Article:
LAWRENCE — University of Kansas School of Engineering junior Ryan Endres has an impressive list of activities and accomplishments.
From Engineers Without Borders and the Self Engineering Leadership Fellows Program, to a summer internship at NASA’s Jet Propulsion Laboratory, Endres also has led efforts to increase sustainability on campus, and he qualified to run the Boston Marathon.
Now there’s a new one to add to the list – national recognition from a leading publication in the aviation industry.
Endres, a junior in aerospace engineering from De Soto, was recently selected by Aviation Week magazine as one of the winners of its newest awards program, Tomorrow’s Engineering Leaders: The Twenty20s.
The Twenty20s Award “seeks to identify students who are already making a difference, through their academic performance, the projects and research they undertake, and their engagement with the world beyond their classrooms,” Greg Hamilton, Aviation Week president, said in a news release announcing the winners.
Z.J. Wang, chair of the KU Department of Aerospace Engineering, nominated Endres.
“Ryan is a great representative of our students in KU aerospace engineering.” Wang said. “He is not only a straight-A student but also extremely active outside the classroom to make the world a better place. I am very impressed with his can-do attitude.”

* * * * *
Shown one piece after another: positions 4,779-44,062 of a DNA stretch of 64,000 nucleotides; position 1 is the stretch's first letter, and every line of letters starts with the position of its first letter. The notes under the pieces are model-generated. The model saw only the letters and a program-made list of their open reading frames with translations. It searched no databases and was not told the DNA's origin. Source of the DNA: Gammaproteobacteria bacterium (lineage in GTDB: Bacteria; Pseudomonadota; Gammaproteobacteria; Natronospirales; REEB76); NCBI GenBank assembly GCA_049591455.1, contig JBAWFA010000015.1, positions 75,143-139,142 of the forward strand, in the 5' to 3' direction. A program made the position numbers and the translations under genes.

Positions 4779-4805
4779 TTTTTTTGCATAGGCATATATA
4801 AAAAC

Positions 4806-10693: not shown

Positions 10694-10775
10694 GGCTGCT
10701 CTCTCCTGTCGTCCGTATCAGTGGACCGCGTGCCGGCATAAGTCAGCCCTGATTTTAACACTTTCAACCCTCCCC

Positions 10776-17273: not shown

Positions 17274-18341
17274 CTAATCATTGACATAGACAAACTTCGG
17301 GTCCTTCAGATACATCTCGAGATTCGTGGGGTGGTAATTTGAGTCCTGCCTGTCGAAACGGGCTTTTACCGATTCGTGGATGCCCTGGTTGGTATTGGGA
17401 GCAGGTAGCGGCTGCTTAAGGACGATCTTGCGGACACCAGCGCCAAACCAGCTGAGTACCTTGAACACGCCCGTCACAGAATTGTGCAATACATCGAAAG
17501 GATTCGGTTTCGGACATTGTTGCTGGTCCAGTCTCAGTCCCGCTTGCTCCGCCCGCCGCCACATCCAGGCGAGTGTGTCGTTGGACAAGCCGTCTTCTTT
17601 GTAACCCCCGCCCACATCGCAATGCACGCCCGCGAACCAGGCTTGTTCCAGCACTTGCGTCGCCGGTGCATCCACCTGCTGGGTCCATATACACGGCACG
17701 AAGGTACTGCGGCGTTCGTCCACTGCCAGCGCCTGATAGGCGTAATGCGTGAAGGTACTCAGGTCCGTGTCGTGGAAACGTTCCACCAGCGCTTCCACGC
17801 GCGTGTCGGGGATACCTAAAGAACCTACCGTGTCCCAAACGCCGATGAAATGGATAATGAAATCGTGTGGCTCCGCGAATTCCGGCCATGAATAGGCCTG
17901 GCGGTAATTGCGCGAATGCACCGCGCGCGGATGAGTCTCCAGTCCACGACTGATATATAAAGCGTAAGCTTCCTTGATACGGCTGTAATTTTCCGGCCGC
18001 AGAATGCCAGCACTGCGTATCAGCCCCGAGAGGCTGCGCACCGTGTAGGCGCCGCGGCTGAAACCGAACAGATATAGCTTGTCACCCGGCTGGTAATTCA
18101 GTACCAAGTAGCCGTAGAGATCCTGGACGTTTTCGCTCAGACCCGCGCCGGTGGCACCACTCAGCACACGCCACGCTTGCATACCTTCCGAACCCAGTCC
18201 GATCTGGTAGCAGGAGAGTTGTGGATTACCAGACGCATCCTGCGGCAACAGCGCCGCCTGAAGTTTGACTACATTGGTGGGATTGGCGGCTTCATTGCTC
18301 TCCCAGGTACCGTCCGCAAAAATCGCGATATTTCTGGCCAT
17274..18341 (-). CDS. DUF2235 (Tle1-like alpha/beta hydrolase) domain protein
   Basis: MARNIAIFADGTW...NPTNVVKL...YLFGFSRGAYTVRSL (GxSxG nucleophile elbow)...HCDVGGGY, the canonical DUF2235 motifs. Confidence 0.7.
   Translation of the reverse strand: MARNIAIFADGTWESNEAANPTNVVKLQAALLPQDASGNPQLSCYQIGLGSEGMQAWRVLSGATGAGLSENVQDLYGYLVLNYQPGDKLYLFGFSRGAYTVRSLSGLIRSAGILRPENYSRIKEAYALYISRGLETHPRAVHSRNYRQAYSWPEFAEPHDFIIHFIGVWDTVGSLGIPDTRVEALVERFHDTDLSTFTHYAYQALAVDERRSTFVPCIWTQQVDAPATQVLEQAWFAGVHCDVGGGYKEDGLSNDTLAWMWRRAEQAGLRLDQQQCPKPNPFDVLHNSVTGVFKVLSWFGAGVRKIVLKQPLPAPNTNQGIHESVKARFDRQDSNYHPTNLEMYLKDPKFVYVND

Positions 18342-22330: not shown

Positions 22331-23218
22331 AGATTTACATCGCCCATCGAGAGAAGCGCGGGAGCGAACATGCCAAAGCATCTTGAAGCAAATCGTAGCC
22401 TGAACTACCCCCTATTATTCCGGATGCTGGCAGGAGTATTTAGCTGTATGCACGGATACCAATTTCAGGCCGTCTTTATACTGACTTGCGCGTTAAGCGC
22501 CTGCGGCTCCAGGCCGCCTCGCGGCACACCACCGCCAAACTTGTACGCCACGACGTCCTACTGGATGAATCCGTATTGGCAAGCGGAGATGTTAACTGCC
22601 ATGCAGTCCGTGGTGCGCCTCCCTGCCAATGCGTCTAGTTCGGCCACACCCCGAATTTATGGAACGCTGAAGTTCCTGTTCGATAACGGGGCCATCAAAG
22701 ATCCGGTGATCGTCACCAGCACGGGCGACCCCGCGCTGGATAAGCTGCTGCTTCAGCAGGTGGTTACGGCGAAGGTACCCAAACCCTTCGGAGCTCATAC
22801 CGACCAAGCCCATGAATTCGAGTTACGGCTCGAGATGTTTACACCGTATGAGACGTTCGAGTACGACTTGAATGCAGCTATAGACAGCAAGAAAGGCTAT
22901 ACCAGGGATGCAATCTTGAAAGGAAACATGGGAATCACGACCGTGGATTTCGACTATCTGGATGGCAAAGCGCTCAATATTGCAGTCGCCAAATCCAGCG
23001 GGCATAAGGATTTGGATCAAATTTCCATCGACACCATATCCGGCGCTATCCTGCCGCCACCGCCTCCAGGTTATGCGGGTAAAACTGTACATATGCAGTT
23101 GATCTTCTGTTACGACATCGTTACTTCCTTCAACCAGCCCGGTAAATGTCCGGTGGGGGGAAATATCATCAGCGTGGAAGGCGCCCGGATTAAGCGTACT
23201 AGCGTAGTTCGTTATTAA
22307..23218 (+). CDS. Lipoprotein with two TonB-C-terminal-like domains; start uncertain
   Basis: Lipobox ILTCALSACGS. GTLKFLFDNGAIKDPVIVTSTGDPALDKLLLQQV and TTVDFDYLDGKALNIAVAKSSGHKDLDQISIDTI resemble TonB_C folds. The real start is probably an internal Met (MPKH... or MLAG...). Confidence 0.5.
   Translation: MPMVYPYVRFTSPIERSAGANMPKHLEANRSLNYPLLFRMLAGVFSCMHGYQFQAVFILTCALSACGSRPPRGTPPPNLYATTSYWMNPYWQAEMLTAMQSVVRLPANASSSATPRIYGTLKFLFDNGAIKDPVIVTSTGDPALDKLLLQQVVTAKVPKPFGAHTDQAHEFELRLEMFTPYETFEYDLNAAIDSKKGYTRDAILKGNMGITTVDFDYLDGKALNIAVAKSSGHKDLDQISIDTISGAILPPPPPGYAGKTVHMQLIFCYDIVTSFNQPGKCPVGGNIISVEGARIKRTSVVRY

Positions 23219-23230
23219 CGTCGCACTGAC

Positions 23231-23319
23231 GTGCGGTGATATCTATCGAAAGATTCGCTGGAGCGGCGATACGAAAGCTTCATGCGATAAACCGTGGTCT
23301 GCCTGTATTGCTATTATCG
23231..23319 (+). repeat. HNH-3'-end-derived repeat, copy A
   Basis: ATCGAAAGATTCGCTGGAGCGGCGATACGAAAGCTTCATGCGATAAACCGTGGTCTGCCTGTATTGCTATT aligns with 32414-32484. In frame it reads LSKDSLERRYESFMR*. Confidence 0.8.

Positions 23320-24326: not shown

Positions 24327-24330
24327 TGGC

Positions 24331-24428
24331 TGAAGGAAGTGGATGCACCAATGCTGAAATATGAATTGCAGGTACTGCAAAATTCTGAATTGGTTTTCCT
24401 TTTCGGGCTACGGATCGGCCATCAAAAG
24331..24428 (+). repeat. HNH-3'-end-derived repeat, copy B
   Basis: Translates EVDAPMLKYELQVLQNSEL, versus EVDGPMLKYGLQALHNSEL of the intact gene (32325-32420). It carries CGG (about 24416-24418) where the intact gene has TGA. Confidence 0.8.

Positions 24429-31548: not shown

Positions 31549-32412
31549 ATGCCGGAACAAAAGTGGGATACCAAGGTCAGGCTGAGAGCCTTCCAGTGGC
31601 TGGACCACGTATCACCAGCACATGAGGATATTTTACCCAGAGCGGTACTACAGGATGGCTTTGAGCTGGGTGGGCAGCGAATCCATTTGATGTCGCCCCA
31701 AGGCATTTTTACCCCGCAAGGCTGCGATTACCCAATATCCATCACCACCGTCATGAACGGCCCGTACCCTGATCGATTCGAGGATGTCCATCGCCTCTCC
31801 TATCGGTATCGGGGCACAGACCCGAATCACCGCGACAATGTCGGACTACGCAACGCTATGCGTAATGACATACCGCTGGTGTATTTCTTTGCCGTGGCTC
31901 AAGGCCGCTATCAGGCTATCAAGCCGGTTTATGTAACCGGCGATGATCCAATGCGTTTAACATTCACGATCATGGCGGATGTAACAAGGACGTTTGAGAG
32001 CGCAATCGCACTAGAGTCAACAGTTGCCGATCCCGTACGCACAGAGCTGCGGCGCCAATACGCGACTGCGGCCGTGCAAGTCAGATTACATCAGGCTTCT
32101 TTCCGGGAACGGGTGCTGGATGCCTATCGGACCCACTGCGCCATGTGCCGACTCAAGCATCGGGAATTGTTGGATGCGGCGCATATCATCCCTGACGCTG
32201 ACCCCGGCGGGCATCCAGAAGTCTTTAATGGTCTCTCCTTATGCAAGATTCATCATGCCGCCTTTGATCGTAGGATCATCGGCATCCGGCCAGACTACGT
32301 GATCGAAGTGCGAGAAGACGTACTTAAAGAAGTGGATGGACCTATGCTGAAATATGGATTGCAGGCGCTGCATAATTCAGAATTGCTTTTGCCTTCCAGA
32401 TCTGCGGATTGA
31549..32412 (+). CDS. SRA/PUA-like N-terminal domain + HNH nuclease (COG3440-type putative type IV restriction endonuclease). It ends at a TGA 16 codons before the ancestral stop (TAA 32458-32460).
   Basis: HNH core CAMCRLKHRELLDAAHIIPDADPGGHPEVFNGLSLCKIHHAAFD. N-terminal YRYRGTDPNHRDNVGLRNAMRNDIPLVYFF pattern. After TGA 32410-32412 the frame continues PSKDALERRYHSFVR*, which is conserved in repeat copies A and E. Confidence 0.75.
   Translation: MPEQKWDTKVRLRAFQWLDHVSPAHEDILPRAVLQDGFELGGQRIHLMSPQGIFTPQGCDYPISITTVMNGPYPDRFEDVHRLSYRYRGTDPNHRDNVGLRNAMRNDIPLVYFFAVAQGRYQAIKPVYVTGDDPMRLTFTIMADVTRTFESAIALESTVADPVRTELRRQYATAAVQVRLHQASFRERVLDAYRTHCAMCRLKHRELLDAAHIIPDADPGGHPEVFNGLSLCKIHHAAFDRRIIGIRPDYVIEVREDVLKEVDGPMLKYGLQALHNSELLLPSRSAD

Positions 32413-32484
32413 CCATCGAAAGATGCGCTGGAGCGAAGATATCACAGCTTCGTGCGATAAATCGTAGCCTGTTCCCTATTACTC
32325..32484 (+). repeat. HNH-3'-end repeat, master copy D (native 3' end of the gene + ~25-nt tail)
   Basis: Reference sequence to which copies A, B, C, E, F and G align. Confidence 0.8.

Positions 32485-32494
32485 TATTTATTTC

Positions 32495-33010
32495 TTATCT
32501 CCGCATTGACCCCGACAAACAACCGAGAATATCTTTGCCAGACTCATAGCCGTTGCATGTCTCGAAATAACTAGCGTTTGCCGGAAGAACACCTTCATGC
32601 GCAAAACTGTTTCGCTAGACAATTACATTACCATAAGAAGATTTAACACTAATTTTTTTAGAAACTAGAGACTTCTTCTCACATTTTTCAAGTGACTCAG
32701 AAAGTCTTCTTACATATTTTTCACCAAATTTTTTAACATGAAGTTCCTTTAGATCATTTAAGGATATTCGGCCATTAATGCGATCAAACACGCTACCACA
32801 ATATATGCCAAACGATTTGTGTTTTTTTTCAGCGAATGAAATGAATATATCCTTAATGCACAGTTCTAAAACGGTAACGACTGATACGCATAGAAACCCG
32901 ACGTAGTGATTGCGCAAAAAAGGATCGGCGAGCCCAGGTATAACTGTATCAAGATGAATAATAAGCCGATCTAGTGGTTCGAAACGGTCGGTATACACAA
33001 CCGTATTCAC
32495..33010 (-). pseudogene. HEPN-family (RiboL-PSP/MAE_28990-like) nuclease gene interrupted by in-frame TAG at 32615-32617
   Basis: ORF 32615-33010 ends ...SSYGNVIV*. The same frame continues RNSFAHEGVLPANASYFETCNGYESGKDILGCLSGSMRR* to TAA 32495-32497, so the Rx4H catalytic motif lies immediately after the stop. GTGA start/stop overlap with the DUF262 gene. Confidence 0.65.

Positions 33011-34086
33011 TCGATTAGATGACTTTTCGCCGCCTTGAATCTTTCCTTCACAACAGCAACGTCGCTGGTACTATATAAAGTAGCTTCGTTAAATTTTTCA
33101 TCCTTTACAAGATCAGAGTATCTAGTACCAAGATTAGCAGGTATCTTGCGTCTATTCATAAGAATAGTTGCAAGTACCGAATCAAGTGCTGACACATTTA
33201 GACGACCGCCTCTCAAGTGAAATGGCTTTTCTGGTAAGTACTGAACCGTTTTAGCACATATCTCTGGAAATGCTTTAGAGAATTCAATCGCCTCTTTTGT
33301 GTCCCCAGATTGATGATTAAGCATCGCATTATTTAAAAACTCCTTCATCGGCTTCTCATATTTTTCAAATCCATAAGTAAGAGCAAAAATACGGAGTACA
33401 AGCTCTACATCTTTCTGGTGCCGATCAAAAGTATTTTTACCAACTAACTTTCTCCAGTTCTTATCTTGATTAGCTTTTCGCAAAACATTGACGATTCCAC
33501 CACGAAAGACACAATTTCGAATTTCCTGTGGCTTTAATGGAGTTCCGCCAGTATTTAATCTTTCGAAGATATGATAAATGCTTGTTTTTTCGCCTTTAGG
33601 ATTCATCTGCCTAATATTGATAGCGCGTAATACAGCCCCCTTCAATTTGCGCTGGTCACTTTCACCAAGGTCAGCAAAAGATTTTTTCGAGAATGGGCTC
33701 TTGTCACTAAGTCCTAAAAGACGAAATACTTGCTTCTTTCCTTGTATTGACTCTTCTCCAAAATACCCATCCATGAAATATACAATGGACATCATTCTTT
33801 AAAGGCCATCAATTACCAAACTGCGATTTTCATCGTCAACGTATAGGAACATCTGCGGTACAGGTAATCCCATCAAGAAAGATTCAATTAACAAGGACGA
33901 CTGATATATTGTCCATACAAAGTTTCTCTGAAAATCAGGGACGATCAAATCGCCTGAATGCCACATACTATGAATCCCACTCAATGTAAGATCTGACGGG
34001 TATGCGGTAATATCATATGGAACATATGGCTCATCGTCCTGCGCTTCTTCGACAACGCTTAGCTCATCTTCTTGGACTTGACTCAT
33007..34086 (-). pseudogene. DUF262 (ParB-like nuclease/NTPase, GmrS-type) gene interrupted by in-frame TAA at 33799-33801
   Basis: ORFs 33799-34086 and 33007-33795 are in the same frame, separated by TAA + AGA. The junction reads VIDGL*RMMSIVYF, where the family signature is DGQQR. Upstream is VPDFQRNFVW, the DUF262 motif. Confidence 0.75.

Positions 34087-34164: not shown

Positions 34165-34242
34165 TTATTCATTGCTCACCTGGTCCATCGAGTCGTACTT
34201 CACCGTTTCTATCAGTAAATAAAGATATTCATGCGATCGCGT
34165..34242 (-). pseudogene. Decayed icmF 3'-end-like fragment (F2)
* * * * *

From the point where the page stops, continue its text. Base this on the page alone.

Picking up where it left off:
Endres received the award in November in Phoenix. The ceremony was held in conjunction with the National Aviation and Defense Conference.
“It was a great experience because there were so many professionals and industry leaders there. It was an excellent way to network and expand your horizons beyond what we learn in class. You get to hear all about business trends and the latest technology used in industry,” Endres said.
Endres credited a well-rounded educational experience at KU for helping him earn the recognition in Aviation Week.
“I think it’s critical to be engaged and participate in activities you have passion for. Don’t use time as an excuse. The perfect time to get involved is now,” Endres said.
“There will always be challenges," he said. "Engineering is a difficult major, but if you make that your excuse to avoid following your dreams, you’re going to miss out on opportunities to change way people view the world. Fortunately, at KU, there are opportunities for all kinds of involvement outside the classroom, while still getting a great education.”